A fun little trick some really smart people like to pull is observing that the game you love maybe isn’t necessarily in the genre you thought it was. You thought Sonic the Hedgehog was a platformer? Oh my poor deluded child – it’s a racing game, where you’re speeding from one point to another as fast as you possibly can while you seek the path of least resistance. You really thought Pikmin was a real-time strategy? Well, darling, I think you’ll find it’s actually a survival horror game. And an essay on the fears and anxieties of a doting parent. And Pikmin 3 was all about what a monster Britanny is. Never forget.
Pawarumi? It’s a shmup on the surface, and a fairly interesting one at that, with a sci-fi Aztec aesthetic that feels entirely its own. It’s a handsome thing, complete with some top-tier production values, and absolutely full of colour. And colour’s the big thing, as Pawarumi is a shmup built around colour-matching, asking you to pair up one of your three weapon types and three enemy types, with each different combination having a different effect – be that charging your shield or unleashing extra damage. It all makes for a deep, satisfying alchemy.
Yes, Pawarumi is a shmup that’s also really, not-so-secretly, a puzzle game. It’s not the first to pull off that particular trick, of course – and Treasure’s 2001 Ikaruga is an obvious one that springs to mind. You could, if you’re feeling a little cantankerous, argue that there’s a puzzle game at the heart of every shmup, and point towards the scoring mechanics at the heart of every good example of the genre – so let’s just say that, in Pawarumi, that puzzle element is brought to the fore.
It’s a more fluid, more flexible type of puzzling that Pawarumi offers – indeed, with its broader palette than the binary black/white shooting of Ikaruga, this is more like Ikaruga’s predecessor (and the superior of Treasure’s shmups, in my opinion at least), the exquisite Radiant Silvergun. Pawarumi shares a little more with that Sega ST-V marvel, being a vertical shooter played non-tate, with a wide play-space (in this instance, it’s a 16:9 screen that’s being filled out, and the added room sometimes feels like it hasn’t properly been accounted for in enemy encounters – all of which can make Pawarumi feel a little lethargic at times).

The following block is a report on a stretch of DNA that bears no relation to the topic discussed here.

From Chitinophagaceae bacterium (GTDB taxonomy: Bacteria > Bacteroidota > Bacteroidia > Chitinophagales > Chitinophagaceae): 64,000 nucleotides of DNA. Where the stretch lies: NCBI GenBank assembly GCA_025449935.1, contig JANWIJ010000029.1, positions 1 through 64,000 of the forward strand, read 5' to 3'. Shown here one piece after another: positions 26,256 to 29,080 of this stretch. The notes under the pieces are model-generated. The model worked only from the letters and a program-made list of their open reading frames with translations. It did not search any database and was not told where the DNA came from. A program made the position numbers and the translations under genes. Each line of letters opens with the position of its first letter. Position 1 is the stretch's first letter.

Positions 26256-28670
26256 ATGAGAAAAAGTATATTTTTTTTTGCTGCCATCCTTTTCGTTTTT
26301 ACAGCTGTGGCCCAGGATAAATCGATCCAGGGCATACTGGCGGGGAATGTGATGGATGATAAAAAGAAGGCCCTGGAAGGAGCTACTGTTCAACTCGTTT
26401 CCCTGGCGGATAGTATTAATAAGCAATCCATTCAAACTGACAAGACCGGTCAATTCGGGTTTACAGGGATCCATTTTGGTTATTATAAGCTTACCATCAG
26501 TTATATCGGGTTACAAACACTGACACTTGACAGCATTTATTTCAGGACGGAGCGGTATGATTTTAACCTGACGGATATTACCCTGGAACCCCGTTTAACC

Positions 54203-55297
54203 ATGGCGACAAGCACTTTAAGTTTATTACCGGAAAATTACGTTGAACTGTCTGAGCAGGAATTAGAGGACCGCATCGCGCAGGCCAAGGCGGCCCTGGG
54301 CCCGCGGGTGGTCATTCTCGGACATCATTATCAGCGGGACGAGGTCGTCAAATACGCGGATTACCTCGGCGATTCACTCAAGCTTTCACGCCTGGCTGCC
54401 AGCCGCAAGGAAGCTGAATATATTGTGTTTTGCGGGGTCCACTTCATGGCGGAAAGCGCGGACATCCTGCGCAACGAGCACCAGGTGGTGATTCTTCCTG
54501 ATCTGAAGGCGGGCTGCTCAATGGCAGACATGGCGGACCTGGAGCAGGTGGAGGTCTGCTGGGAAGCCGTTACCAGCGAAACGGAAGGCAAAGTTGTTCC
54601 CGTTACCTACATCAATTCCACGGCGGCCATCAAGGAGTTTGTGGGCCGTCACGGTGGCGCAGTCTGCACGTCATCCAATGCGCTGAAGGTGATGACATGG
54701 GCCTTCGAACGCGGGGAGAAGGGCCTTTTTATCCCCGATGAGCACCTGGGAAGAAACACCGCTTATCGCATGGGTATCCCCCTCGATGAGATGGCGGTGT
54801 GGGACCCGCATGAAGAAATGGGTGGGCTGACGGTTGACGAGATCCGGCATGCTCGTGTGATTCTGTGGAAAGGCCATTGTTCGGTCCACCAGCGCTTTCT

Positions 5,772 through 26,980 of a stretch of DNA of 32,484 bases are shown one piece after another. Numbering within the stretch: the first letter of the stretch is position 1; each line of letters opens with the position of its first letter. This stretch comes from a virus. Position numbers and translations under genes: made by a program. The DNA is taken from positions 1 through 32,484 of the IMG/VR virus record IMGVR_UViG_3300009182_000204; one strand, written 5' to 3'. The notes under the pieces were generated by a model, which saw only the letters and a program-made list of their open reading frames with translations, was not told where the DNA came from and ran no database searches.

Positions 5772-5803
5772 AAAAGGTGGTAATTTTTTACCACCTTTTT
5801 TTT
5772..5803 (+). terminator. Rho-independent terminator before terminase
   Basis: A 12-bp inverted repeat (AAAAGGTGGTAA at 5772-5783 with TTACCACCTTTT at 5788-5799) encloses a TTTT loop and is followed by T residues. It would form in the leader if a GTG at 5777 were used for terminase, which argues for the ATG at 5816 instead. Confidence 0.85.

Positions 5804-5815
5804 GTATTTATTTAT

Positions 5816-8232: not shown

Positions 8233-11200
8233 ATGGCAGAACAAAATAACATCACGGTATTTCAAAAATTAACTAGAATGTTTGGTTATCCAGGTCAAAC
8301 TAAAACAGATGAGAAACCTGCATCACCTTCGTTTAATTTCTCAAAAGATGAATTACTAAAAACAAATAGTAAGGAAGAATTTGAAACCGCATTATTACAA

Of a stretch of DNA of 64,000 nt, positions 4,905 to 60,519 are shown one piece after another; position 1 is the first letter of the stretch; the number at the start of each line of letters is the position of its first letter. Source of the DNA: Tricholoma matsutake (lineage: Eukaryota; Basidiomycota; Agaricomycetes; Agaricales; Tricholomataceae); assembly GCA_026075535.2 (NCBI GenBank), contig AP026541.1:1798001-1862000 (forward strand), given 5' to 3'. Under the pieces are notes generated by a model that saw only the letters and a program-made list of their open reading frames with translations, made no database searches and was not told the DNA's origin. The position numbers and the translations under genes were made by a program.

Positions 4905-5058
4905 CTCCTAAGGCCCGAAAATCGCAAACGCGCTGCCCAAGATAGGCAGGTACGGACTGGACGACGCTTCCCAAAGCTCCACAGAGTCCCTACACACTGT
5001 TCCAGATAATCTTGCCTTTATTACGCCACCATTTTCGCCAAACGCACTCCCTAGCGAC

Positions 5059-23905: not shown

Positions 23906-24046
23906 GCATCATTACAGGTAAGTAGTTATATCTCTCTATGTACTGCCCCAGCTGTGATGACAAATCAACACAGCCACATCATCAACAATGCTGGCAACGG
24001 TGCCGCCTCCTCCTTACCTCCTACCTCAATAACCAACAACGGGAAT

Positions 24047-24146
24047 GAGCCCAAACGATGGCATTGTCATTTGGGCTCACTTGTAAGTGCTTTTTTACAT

What Pawarumi does, and what it does exceptionally well, is introduce an element of improvisation to its action. There’s no clear critical path – or at least, if there is, I’m no way near finding it – and instead there’s a thrill in mixing and matching different weapon types, coming up with new approaches on the fly depending on context and how close you are to carking it. That sense of urgency when you’re near death is given an added intensity by the fact that, in Pawarumi, you have a single life and no continues. This game means business.
It’s far from perfect, mind. The popcorn enemies can feel flaccid, so it’s up for the bosses to pick up a lot of the slack (something they do with aplomb, I’m pleased to say), and the Switch version which launched recently, and which was my first taste of Pawarumi, sees the frame-rate halved to 30fps, with a handful of stutters along the way. It’s a small shame, though it only made me turn to my PC to sample it at a smoother frame-rate – and while it’s no doubt better, the Switch does offer a fair approximation of Pawarumi’s brilliance.
Is it the best shmup on Switch? Not really, though it’s got more than enough style and smarts to recommend it. And, for that matter, is Pawarumi a shmup, or is it a puzzler? You know what, it really doesn’t matter. Pawarumi is a damn fine video game, and that’s all you really need to know.